The rubber keyboard really wasn’t that bad. The odd positioning of the SPACE key on the right wasn’t too much of a problem. However, you certainly couldn’t touch type on either machine. I think the “dead flesh” label is a bit unfair, but it is certainly cheap and cheerful. As expected I found the Spectrum Plus keys to be an improvement, and the space bar is more familiar.

Conclusion

I have enjoyed repairing these two machines and comparing their differences. The Plus is simply a later iteration of the original Spectrum, although it looks much bigger. This extra size helps to accommodate the improved keyboard and also prevent heat build up in the unit. The image is also brighter, as provided by the improved ULA.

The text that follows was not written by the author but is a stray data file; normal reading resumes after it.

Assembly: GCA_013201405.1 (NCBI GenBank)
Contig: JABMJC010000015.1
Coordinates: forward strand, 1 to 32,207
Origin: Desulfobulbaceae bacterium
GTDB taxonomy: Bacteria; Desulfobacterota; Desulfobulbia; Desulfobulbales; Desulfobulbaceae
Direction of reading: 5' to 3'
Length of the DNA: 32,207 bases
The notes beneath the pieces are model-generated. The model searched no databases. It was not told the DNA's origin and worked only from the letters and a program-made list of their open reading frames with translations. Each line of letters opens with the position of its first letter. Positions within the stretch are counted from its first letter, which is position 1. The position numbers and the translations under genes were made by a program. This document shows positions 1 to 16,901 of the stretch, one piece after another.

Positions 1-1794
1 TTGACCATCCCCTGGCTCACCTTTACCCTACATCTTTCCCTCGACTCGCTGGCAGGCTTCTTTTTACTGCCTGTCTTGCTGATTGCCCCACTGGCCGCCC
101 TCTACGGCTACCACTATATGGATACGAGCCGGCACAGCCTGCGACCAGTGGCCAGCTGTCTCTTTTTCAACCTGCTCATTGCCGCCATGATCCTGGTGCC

I was lucky that I didn’t experience any major failures – RAM faults appear to be common on these machines. I was especially lucky with my original Spectrum as someone had clearly been under the lid having a poke around. I’d also certainly recommend a retroleum SMART card for running diagnostic checks, as I can say with some confidence that I have working machines. I am also grateful to the enthusiasts supplying parts and home-brew boards to keep these machines running and in fine fettle.

I have added up the costs and I have spent, in total:

  • Spectrum rubber keyed model: £68
  • Spectrum Plus £67

This excludes the PSU which was £15, the SMART card (£20), and Humbrol paint!

The prefer the look of the original Spectrum 48k, and it is certainly one of the best looking machines in my collection, particularly with its new faceplate. It is currently sat on my desk and I’m working through a few old Spectrum games, starting with Chuckie Egg, one of my favourites. I use the divMMC Future to load games from SD card. This device works with all Spectrums and comes in a nice plastic case which looks good hanging out the back of the machine.